Cornea Donation

Since 1960, Saving Sight has coordinated cornea donation and the distribution of corneas for transplant. Today, we operate in Missouri, Kansas, and central Illinois, and we distribute corneas to transplant surgeons in those states, the rest of the U.S., and around the world to help people receive the precious gift of sight.

Help us spread the message about eye, organ, and tissue donation in your community. If you haven't yet, register your choice to donate online at Donate Life America or your local Department of Motor Vehicles office. And be sure to speak with your family about your decision. 

About Cornea Donation

Eye donation is the oldest form of organ and tissue donation, dating back to the first successful cornea transplant in 1905. Over 46,000 corneal transplants are performed each year in the United States, with thousands more performed worldwide. 

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Donor Families & Recipients

The gift of sight has a tremendous effect on the lives of the donor family as well as the recipient of the donated tissue. Saving Sight offers several opportunities and resources to donor families and recipients. 
 

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Services for Medical Professionals 

Many different medical professionals work together to make the gift of sight a reality. We are committed to providing outstanding support to all involved in the cornea donation and transplantation processes. 

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Saving Sight Honors Eye Donors in the 128th Rose Parade

Staff at Capital Region Medical Center Pose with Teammates in Life Rose Vial Signing poster.Each year, Saving Sight works to coordinate the eye donation process for donors in partner hospitals across Missouri, Kansas and central Illinois. Saving Sight partner relations coordinators meet with the partner hospitals as the year comes to a close to honor the gifts of their donors on a national stage during the annual Tournament of Roses - Rose Parade.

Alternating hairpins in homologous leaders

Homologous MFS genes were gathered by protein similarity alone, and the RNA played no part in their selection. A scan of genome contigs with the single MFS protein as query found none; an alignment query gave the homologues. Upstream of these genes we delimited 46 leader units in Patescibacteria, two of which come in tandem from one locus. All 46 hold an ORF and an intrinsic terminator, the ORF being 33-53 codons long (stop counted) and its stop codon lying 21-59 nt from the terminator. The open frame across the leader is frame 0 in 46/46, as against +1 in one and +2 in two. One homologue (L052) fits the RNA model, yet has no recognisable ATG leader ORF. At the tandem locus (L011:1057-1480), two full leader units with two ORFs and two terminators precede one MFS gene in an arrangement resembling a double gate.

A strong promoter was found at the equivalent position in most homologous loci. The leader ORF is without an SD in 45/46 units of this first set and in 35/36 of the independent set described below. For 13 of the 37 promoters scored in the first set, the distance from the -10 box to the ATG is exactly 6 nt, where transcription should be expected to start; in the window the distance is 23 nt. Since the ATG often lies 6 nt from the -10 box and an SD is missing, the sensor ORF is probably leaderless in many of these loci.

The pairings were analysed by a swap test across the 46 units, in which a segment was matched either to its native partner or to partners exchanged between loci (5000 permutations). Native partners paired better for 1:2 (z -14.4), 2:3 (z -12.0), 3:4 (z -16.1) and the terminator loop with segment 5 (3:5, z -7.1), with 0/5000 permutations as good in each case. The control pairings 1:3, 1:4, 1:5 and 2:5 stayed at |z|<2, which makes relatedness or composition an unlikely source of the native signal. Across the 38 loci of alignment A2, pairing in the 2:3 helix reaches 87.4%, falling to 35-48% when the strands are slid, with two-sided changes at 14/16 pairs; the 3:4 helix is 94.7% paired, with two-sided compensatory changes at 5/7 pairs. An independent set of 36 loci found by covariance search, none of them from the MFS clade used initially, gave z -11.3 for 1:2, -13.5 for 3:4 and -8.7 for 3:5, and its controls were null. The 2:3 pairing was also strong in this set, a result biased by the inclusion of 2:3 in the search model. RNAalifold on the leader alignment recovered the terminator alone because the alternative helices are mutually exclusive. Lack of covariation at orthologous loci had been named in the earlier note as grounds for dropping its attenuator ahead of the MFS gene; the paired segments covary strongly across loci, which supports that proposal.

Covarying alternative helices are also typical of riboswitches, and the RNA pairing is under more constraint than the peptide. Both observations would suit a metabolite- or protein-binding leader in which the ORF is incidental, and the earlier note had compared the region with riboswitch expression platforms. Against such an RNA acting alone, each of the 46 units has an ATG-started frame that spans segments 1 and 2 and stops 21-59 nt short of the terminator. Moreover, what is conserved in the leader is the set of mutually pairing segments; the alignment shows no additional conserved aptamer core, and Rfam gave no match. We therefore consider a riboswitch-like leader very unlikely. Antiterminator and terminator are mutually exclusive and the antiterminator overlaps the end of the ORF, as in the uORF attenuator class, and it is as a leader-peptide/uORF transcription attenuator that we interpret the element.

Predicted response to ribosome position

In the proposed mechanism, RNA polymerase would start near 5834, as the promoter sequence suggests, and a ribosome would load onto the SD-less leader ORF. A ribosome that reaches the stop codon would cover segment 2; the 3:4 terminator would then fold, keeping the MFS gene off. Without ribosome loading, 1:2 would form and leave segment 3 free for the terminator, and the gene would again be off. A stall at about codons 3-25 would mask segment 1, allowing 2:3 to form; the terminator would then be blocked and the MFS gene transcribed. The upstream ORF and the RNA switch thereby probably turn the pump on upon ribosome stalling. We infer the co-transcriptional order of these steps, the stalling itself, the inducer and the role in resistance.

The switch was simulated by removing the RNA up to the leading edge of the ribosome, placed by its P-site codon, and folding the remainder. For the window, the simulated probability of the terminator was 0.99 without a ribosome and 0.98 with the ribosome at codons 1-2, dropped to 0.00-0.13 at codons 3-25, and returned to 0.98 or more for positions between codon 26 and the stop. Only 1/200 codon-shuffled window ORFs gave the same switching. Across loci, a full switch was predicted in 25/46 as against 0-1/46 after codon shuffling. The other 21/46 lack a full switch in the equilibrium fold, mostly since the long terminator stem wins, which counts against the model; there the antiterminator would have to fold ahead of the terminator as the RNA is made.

Devon’s Legacy Smiles on Through His Selfless Gift

Devon smiles at the camera while sitting in the sand on the beach. Devon continued to help others in death through being an eye donor.Losing a child is heartbreaking. For Danielle, knowing her 10-year-old son Devon could help others through being an eye donor gives her a sense of peace. “Devon is really missed so much, but I know that he is happy he was able to help someone else,” said Danielle.

Devon was born with Goldenhar Syndrome. Though his case had nothing to do with his heart, he was born with fluid on his brain, extra tissue on his eye and skin tags that were removed at birth. Devon also underwent surgery at the age of 2 and had 2 rods and 6 screws placed in his back. Despite his health concerns and diagnosis of ADHD & ADD severe in first grade, Danielle said he was so smart, energetic and always smiling.


Active Family Man Carries on his Legacy in Helping Others

Rick was an active family man who continued to give in death as an eye, organ and tissue donor. Here is pictured at the Red Rocks.Rick enjoyed having a good time in all he did. He was also a good steward and gave his time freely to help others and loved spending time with his wife, children and grandchild. Rick lived an active lifestyle, was a gifted craftsman and an excellent athlete. He had given up basketball the year prior when he had heart surgery, but continued to play volleyball and golf until he passed away at age 61. Rick was a sports car enthusiast, an active deacon and church youth leader, and had served in the Missouri Army National Guard.

“He’s just a great guy gone way too soon,” said his wife Theresa.

Rick passed away of a heart attack during a volleyball game in 2014. “It was very hard on his teammates – they performed CPR – but I was very thankful he was not by himself,” said Theresa. Because living an active lifestyle was so important to Rick, he and his wife had talked about organ donation and end-of-life-care.